The Diversity and Inclusion in the American Nuclear Society (DIA) Committee opened its new series of webinars on September 2 with a panel discussion, “Black Racial Justice in the Nuclear Community.”
During the webinar, which was viewed by more than 200 people, five panelists discussed racial justice issues and their own experiences throughout their lives. Included on the panel were Warren “Pete” Miller, former Department of Energy assistant secretary for nuclear energy; Michelle Scott, DOE senior advisor; Charlyne Smith, PhD candidate at the University of Florida; Ira Strong, legacy engineer at the Palo Verde plant in Arizona and a student at the University of New Mexico; and Sola Talabi, senior consultant at Pittsburgh Technical.
The roundtable was co-moderated by Lane Carasik, DIA chair and assistant professor at Virginia Commonwealth University, and Lisa Marshall, past ANS board member and DIA co-vice chair.
“ANS members really need to hear from our community members who are heavily impacted by racism and bigotry that occurs within the nuclear community,” Carasik said. “For a lot of ANS members, this webinar was likely their first time hearing the difficulties that Black people of color encounter in our field at different career stages and in varying sectors. It shows we are just getting started in addressing systemic issues within our own ‘house’.”
The webinar opened with addresses from ANS President Mary Lou Dunzik-Gougar and ANS Executive Director/CEO Craig Piercy.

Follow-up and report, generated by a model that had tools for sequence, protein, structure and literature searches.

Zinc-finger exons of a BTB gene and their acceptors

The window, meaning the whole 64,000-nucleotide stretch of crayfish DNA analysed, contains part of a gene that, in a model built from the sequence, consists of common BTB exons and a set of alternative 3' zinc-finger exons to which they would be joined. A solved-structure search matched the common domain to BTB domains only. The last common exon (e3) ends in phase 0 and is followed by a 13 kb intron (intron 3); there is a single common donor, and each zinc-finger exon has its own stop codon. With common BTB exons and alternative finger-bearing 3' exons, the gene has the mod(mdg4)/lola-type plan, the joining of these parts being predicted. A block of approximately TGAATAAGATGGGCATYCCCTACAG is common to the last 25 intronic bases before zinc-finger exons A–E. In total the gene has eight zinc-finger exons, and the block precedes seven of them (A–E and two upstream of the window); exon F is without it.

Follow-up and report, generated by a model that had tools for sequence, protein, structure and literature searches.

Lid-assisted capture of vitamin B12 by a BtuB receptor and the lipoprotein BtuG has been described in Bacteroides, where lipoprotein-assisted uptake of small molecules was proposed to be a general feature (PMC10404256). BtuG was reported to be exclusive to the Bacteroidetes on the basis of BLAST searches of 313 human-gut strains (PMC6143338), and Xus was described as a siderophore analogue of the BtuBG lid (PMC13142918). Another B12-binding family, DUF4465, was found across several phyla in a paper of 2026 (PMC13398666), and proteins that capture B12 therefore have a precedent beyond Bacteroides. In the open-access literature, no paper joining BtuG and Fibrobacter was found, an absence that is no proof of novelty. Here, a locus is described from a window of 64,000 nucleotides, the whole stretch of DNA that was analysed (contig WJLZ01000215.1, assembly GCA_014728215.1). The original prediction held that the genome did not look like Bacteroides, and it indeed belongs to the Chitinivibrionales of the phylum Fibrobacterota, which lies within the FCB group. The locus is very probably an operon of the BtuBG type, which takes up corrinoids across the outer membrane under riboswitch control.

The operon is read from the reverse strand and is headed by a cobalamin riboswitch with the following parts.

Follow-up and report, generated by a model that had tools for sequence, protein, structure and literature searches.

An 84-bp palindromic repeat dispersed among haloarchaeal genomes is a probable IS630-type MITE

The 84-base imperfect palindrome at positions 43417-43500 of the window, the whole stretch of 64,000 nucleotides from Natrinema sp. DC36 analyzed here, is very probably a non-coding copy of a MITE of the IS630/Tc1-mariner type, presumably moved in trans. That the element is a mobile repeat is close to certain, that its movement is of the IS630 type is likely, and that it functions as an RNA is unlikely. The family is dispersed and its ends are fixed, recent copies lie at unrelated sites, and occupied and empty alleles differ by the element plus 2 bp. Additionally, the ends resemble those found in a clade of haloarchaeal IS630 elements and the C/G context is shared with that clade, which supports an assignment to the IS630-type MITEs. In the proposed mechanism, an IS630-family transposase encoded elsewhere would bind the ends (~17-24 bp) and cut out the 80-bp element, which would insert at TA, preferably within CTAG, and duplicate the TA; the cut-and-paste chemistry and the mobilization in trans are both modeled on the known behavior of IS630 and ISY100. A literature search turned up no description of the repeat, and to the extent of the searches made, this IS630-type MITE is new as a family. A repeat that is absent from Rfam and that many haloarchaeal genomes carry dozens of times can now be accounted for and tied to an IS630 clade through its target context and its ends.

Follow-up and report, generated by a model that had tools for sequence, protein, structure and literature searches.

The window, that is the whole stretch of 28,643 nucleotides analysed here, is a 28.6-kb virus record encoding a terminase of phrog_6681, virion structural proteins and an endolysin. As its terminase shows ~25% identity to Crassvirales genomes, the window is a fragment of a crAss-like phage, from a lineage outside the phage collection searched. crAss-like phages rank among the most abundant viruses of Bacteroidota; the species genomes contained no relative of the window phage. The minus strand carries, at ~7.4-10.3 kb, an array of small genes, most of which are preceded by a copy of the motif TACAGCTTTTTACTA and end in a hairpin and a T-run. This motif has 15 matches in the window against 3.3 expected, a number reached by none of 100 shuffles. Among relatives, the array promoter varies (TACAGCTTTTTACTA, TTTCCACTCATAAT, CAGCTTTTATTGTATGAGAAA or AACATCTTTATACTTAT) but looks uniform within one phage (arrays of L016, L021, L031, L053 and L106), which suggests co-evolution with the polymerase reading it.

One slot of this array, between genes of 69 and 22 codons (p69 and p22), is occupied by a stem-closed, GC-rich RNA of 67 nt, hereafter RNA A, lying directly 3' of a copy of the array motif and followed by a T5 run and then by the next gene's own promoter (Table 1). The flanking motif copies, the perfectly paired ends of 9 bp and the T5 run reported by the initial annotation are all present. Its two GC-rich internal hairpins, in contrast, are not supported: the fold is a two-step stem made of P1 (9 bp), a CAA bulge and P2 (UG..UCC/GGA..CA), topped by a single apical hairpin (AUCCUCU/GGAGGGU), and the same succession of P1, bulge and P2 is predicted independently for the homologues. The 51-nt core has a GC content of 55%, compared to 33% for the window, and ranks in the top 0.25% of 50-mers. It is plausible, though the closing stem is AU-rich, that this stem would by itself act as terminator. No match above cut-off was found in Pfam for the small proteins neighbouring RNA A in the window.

“It’s very important given recent events that ANS recognizes the issues that come with racial injustice because it is relevant in all communities, including the nuclear community,” Dunzik-Gougar said in her opening statement. “This webinar is a first step in helping us learn more about how to do better.”
Piercy began his comments listing some of the African-American victims of recent high-profile violent incidents—George Floyd, Breonna Taylor, Ahmaud Arbery, and Jacob Blake.
“We know these names by heart now,” Piercy said. “They symbolize the persistent and insidious threat of racism that still exists throughout our society today. As a charitable organization founded for the public good, the Society has an affirmative responsibility to combat racism, promote diversity, and practice inclusion in our community.”
The DIA was already planning activities to address racial injustice prior to this summer, according to Marshall, when Floyd’s killing sparked a series of protests across the country.
“This incident and subsequent ones heightened our call to action,” said Marshall, director of outreach, retention & engagement at North Carolina State University. “At the same time, Pete Miller wanted to have a roundtable. Craig Piercy and others brought us together and we started to plan for this event.”
Marshall said the objective for the webinar and other events still in the planning stage is to hear first-person accounts from fellow members on this topic. But hearing them isn’t enough.
“Ultimately, we want ANS and its members to take meaningful action,” Marshall said.